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UMA THURMAN (Edie Athens) has proven herself to be one of the most versatile young actresses by playing a variety of compelling characters. The daughter of a psychologist and a college professor, Thurman was raised in Amherst, Massachusetts, and Woodstock, New York. She attended a preparatory school in New England, where at fifteen she was discovered by two New York agents. At sixteen she transferred to the Professional Children's School in New York City in order to pursue an acting career.

Thurman's entrance onto the mainstream film scene began with Johnny Be Good opposite Anthony Michael Hall, but it was her role as the goddess Venus in Terry Gillian's 1988 fantasy The Adventures of Baron Munchausen which brought her international attention. This striking and versatile actress went on to receive critical acclaim for her portrayal of a virginal 18th century convent girl, Cecile de Volanges, seduced by John Malkovich in Stephen Frears' Dangerous Liasons. The following year she starred opposite Fred Ward and Maria de Medeiros in Philip Kaufman's Henry & June playing the neurotic and exotic bisexual spouse of Henry Miller. She then played Daphne McBain, one of a trio of Dabney Coleman's spoiled children in the comedy Where the Heart Is, directed by John Boorman. In 1991, Thurman starred opposite Richard Gere and Kim Basinger as Diana, a conniving therapy patient in Phil Joanou's thriller Final Analysis. She then reunited with Malkovich in the thriller Jennifer 8, playing Andy Garcia's blind girlfriend, Helena. In Mad Dog and Glory, she played a barmaid who becomes an indentured servant to Robert De Niro for saving Bill Murray's life. Her most eccentric movie to date is Gus Van Sant's Even Cowgirls Get the Blues in which she played Sissy Hankshaw, a big-thumbed, bisexual hippie hitchhiker.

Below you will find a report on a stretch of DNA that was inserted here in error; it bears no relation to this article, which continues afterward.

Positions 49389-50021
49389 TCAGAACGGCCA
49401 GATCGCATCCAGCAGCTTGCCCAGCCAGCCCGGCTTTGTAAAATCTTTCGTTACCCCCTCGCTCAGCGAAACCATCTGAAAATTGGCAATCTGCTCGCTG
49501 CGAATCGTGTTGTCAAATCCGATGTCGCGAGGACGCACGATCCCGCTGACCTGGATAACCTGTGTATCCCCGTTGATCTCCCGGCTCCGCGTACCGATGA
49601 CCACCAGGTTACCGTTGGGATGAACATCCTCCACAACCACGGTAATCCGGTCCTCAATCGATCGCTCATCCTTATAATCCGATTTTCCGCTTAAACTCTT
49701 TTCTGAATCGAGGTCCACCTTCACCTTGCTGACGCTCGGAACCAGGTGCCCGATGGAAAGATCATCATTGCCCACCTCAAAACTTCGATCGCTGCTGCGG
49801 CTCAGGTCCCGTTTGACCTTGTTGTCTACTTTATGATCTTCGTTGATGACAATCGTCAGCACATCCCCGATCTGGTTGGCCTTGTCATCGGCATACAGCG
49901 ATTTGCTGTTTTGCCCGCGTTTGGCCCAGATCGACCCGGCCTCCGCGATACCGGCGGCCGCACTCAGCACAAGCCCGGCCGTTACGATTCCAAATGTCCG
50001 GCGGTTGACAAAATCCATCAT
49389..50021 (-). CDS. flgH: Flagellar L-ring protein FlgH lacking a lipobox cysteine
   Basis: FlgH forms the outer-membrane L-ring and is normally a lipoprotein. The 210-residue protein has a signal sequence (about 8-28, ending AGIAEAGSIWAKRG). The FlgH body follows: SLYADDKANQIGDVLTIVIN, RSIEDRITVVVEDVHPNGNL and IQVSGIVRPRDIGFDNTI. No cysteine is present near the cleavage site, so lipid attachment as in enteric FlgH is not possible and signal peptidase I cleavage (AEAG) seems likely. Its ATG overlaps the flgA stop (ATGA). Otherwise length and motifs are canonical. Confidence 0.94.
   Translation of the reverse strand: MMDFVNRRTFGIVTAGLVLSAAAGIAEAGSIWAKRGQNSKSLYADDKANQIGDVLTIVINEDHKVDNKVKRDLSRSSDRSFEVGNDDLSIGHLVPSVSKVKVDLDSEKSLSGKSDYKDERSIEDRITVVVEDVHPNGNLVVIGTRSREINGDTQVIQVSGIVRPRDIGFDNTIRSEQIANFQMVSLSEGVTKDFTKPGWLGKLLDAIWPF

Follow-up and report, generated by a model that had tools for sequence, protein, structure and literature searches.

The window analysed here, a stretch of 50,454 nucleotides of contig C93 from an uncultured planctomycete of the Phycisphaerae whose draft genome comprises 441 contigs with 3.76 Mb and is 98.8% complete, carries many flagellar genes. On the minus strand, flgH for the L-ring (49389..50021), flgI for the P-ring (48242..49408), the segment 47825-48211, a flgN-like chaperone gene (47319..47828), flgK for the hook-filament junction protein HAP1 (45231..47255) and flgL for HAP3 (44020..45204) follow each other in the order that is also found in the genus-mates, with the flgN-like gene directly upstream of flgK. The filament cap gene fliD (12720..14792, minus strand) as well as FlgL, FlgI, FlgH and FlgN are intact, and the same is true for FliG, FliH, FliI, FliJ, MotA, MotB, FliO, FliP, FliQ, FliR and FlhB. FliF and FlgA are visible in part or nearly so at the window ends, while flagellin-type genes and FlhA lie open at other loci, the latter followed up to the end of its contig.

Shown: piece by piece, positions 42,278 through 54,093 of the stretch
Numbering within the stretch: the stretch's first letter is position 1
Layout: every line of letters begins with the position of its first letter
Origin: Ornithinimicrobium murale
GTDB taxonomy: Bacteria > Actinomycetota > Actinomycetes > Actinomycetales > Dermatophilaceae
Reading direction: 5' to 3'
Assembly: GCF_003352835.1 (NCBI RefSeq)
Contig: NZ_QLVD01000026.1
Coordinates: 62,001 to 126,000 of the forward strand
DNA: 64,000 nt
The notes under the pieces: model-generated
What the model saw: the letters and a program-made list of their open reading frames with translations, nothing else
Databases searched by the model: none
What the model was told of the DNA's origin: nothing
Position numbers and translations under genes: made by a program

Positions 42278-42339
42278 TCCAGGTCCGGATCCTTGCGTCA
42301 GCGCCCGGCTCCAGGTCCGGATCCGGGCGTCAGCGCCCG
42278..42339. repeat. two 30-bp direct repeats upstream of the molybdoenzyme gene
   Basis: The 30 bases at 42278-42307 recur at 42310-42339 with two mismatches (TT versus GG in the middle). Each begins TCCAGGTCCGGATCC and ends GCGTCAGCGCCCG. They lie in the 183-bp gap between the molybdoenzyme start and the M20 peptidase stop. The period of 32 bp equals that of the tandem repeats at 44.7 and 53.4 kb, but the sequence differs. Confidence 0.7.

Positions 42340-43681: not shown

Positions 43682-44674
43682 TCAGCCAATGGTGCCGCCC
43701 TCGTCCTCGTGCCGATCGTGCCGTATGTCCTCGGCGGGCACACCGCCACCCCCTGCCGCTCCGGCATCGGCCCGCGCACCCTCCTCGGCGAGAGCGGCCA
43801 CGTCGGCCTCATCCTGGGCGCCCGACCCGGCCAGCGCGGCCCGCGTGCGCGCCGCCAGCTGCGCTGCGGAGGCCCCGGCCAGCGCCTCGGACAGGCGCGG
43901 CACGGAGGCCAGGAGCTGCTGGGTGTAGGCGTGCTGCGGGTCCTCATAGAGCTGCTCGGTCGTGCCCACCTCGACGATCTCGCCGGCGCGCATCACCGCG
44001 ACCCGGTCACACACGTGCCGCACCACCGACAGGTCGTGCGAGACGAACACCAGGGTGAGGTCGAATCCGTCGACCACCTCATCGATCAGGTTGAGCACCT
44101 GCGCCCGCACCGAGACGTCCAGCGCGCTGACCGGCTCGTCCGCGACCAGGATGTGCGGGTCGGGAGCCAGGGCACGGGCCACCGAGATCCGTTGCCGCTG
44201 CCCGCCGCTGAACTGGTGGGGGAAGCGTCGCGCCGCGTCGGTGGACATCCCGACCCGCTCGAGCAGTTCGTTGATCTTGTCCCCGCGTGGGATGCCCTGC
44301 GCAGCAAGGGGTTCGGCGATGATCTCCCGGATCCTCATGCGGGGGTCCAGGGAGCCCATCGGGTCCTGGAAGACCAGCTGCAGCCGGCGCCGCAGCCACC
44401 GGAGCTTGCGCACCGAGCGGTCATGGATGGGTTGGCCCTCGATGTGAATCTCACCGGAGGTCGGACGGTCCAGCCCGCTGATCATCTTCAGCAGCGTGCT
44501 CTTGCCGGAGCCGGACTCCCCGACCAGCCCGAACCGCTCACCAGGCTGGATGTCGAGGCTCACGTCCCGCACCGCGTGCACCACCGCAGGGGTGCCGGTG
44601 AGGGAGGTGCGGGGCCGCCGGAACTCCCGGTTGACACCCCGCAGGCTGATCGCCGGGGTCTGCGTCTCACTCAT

In 1996, Thurman received an Academy Award® nomination for Quentin Tarantino's critically lauded Pulp Fiction in which she played Mia Wallace, a sexy and comedic mobster's wife. Later that year she was seen in the period romance A Month by the Lake with Vanessa Redgrave and the contemporary romance Beautiful Girls directed by Ted Demme. Thurman next appeared in The Truth About Cats and Dogs, Batman & Robin, Gattacca opposite Ethan Hawke, Les Miserables with Liam Neeson, and The Avengers. In the spring of 1999, she made her stage debut in an updated version of Moliere's "The Misanthrope” at the Classic Stage Company in New York.

Her most recent films include Woody Allen's Sweet and Lowdown, opposite Sean Penn and Samantha Morton; Vatel, opposite Gerard Depardieu and Tim Roth; The Golden Bowl, with Nick Nolte, Angelica Huston and Jeremy Northam; and Tape with Ethan Hawke and Robert Sean Leonard, for which she was nominated for an Independent Spirit Award as Best Supporting Actress. She also starred in the first installment of Quentin Tarantino's bloody action film Kill Bill and John Woo's thriller Paycheck. Uma also starred in HBO's Hysterical Blindness with Juliette Lewis and Gena Rowlands, which she also produced. She won the 2003 Golden Globe for Best Actress for her portrayal of Debby Miller and was nominated for a SAG Award.

Recently, Uma starred in Kill Bill: Volume 2, for which she was again nominated for a Golden Globe.

Uma has just begun production on the musical The Producers with Matthew Broderick and Nathan Lane.

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